But when did it start, and how? To investigate, Jing-Shan Zhao of Tsinghua University in Beijing looked into an animal called Caudipteryx, a ground-dwelling animal with “feathered forelimbs that could be considered “proto-wings.”

Based on the well-preserved fossil record of this bird-dino crossover, the researchers estimated a number of physiological metrics, such as the creature’s top speed and the rhythm with which it would run. From this they could estimate forces on other parts of the body — just as someone studying a human jogger would be able to say that such and such a joint is under this or that amount of stress.

What they found was that, in theory, these “natural frequencies” and biophysics of the Caudipteryx’s body would cause its little baby wings to flap up and down in a way suggestive of actual flight. Of course they wouldn’t provide any lift, but this natural rhythm and movement may have been the seed which grew over generations into something greater.

To give this theory a bit of practical punch, the researchers then constructed a pair of unusual mechanical items: a pair of replica Caudipteryx wings for a juvenile ostrich to wear, and a robotic dinosaur that imitated the original’s gait. A bit fanciful, sure — but why shouldn’t science get a little crazy now and then?

In the case of the ostrich backpack, they literally just built a replica of the dino-wings and attached it to the bird, then had the bird run. Sensors on board the device verified what the researchers observed: that the wings flapped naturally as a result of the body’s motion and vibrations from the feet impacting the ground.

The robot is a life-size reconstruction based on a complete fossil of the animal, made of 3D-printed parts, to which the ostrich’s fantasy wings could also be affixed. The researchers’ theoretical model predicted that the flapping would be most pronounced as the speed of the bird approached 2.31 meters per second — and that’s just what they observed in the stationary model imitating gaits corresponding to various running speeds.

You can see another gif over at the Nature blog. As the researchers summarize:

These analyses suggest that the impetus of the evolution of powered flight in the theropod lineage that lead to Aves may have been an entirely natural phenomenon produced by bipedal motion in the presence of feathered forelimbs.

Just how legit is this? Well, I’m not a paleontologist. And an ostrich isn’t a Caudipteryx. And the robot isn’t exactly convincing to look at. We’ll let the scholarly community pass judgment on this paper and its evidence (don’t worry, it’s been peer-reviewed), but I think it’s fantastic that the researchers took this route to test their theory. A few years ago this kind of thing would have been far more difficult to do, and although it seems a little silly when you watch it (especially in gif form), there’s a lot to be said for this kind of real-life tinkering when so much of science is occurring in computer simulations.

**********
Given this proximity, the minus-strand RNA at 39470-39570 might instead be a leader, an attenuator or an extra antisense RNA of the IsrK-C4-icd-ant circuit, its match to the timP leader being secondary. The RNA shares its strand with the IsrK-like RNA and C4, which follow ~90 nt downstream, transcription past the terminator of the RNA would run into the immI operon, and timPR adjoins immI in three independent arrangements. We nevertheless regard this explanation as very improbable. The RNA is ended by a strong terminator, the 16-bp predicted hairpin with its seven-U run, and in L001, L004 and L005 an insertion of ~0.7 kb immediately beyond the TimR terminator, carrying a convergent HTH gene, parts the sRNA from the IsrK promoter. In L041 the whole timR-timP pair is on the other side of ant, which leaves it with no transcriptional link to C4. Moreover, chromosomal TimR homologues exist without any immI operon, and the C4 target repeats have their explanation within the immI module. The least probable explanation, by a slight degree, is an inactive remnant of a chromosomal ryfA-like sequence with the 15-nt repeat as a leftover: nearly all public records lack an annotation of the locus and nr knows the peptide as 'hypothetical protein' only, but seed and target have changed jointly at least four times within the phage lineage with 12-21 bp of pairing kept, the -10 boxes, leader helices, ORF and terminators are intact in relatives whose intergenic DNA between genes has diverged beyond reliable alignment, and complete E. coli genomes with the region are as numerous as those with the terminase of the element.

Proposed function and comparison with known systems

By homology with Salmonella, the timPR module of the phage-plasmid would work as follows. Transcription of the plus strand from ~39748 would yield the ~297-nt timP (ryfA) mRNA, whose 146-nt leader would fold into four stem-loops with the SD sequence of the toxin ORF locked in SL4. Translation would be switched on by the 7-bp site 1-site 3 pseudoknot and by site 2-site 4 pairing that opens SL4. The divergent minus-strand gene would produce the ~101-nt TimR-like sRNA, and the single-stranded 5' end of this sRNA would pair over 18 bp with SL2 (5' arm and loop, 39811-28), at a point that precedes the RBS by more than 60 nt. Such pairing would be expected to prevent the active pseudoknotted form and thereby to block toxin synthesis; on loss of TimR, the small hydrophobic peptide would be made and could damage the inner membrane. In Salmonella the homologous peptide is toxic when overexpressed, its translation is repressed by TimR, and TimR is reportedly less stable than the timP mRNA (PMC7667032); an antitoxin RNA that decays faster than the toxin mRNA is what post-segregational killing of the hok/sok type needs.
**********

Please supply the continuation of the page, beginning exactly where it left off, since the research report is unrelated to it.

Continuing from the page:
The paper was published today in the journal PLOS Computational Biology.

Source: TechCrunch

Facebook Bans Alex Jones, Other Extremists—but Not as Planned

Alex Jones, Infowars, Laura Loomer and Milo Yiannopoulos are expelled from Facebook and Instagram, but the ban’s rollout went awry.
Source: Wired

Activision Blizzard has five franchises lined up for its new Call of Duty esports league

Activision Blizzard said it has lined up five franchises for a new, city-based Call of Duty esports league.

Atlanta, Dallas, New York, Paris and Toronto will all play host to franchise teams that will compete in a professional league based on what is perhaps Activision Blizzard’s most successful title, the company announced after its earnings call earlier today.

Each city is partnering with existing Overwatch League team owners to leverage the existing framework that Activision has labored over for the past few years to lay the groundwork for a global, city-based Call of Duty league, the company said.

The first teams are Atlanta Esports Ventures, the joint venture owned by Cox Enterprises and Province Inc.; the Envy Gaming esports team which has been active in Call of Duty competitive play since 2007 and with Dallas Fuel Overwatch league team; New York’s Sterling.VC, a sports media company backed by Sterling Equities (owners of the New York Mets); c0ntact Gaming, which owns the Overwatch League team Paris Eternal and the Paris-based Call of Duty team; and Toronto’s OverActive Media.

“The upcoming launch of our new Call of Duty esports league reaffirms our leadership role in the development of professional esports. We have already sold Call of Duty teams in Atlanta, Dallas, New York, Paris and Toronto to existing Overwatch League team owners, and we will announce additional owners and markets later this year,” said Bobby Kotick, chief executive of Activision Blizzard. “Our owners value our professional, global city-based model, the success we have had with broadcast partners, sponsors and licensees, and the passion with which our players have responded to our events.”